The big question, even with the best above scenario, is there any life left in a 17 year old pellet burner? I just wonder if the quality of manufacturing is as good as industrial woodworking machines made in the USA. A 60year old Delta Unisaw is selling for about 3/4 the price of a new one, and well over ten times the original price. Good machines, well made good parts. An Oliver planer that sold new in 1950 for $500 is now selling for $3-5,000 and they haven't been made is 15 years. So, is there a phenomenon in wood burner/pellet burners?

    A close friend restores Volvo autos. He uses "used parts" where appropriate and new top line wear parts (bearing, bushing, etc) He's not cheap, but his work is better than new. His point of reference is the autos were made to be rebuilt and rebuilt and rebuilt. Are there stoves with that reliability? Are there units that were built to not become obsolete in a few years?

    My Jamestown that's over ten years old is a current model with the addition of an auto-igniter and some electronics. Although I haven't set a new one side by side with mine, am I not seeing something? The manufacturer's specs are the same as my stove, (I have the original documents) and they haven't improved the efficiency, or cleanliness of burning. Now the nasty for the industry members: Are we encouraging current owners to "upgrade" for cosmetic reasons, and not significant performance improvements. Should we be "spreading the good news" about solid fuel burning to the un-warm masses, and encourage the current owners to look at the advantage of keeping last year's model?

    Sorry, just did a site visit and spent a couple of hours on the highway. Noticed over twenty tandem trailer rigs hauling '95-05 cars to the metal recyclers. We make trusses and grinder balls (for mining) out here from recycled steel. Seems like such a waste.
  8. Shane

    Shane Minister of Fire

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    Rich, I wasn't meaning to insinuate that you didn't know what model your looking at I was simply trying to make a quality comparison. Used pellet stoves don't hold their value. They're the exact opposite of good woodworking tools. Buy a pellet stove brand new this year and sell it next year don't expect to get more than 1/2 of what you paid for it. Old wood stoves we see lasting years and years so the metal part of a pellet stove should be the same right? I suppose that depends on material gauge and the actual usage this thing has seen over the 17 years of it's life. I think the key is parts. Merkle Korf auger motor should always be available, the combustion and convection blowers should be available as well as they're fairly generic in size. The timing blocks and dial o fire might be something of a concern in the future. I'm sure you could find them from the parts supplier or some other vender but eventually I would imagine Enviro will label that stove obsolete. How soon is hard to say, If memory serves they have to support anything they build for a minimum of 10 years.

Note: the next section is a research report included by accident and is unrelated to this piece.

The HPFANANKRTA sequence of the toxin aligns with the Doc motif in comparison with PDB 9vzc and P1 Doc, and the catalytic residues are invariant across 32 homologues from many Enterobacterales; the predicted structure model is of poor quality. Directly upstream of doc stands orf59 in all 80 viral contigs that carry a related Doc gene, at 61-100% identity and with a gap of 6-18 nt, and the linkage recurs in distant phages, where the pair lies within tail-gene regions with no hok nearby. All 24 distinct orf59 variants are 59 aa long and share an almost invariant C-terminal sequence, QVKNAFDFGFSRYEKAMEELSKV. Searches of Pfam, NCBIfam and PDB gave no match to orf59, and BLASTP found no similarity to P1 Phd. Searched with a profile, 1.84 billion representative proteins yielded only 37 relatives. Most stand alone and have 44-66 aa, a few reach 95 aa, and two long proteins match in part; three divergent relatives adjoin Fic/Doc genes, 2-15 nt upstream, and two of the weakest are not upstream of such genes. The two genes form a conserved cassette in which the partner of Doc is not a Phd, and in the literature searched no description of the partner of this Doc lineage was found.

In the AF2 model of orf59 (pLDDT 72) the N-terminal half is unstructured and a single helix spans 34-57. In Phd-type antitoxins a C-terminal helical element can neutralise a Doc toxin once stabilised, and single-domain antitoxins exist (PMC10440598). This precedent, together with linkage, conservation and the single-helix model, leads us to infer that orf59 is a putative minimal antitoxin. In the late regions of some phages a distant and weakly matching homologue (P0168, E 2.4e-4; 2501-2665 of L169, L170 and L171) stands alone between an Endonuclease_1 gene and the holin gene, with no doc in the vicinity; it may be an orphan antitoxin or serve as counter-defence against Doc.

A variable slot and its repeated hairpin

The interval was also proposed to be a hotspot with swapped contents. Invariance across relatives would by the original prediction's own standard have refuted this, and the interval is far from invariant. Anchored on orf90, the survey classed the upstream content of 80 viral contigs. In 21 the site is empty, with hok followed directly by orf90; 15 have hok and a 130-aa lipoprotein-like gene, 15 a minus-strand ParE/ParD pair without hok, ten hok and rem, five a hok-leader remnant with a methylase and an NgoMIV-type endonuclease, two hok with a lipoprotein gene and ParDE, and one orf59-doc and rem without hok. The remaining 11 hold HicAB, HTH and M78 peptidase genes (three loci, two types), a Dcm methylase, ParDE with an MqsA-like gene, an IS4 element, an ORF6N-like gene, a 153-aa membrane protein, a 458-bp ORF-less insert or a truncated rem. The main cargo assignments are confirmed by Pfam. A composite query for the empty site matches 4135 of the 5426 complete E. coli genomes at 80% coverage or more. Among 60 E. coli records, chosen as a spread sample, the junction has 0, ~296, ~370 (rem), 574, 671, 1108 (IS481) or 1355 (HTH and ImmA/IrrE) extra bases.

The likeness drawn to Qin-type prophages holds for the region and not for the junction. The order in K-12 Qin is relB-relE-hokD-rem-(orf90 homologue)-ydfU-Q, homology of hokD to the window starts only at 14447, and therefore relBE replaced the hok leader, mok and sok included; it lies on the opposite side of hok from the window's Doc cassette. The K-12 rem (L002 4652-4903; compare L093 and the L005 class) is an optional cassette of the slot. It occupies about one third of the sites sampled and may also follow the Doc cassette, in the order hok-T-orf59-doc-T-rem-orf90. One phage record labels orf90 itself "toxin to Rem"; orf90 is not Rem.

BTW at the shop we have an old Rockwell Unisaw. When I called Delta to get an owners manual for it the guy on the phone offered to buy it. My boss picked the saw with a ton of accessories, a rockwell drillpress that is 6' tall and an old Craftsman 6" jointer for 750.00. The old ladies husband had passed away recently and we were installing a stove for her. She offered the tools up at the 750.00 price, my boss told her she could get more, she said I know but I want them out of here so haul them off today and they're yours. One of the best deals I've ever seen in my life.
    My brother picked up an old Monty Ward lathe the other day for 25.00. Had all the shaping tools and calipers with it, which were worth far more than 50.00 alone. The piece on the end that has a point that stabs the wood is too worn for the lathe to work. We're going to have one machined since we couldn't find the thing on the internet.
  9. begreen

    begreen Mooderator Staff Member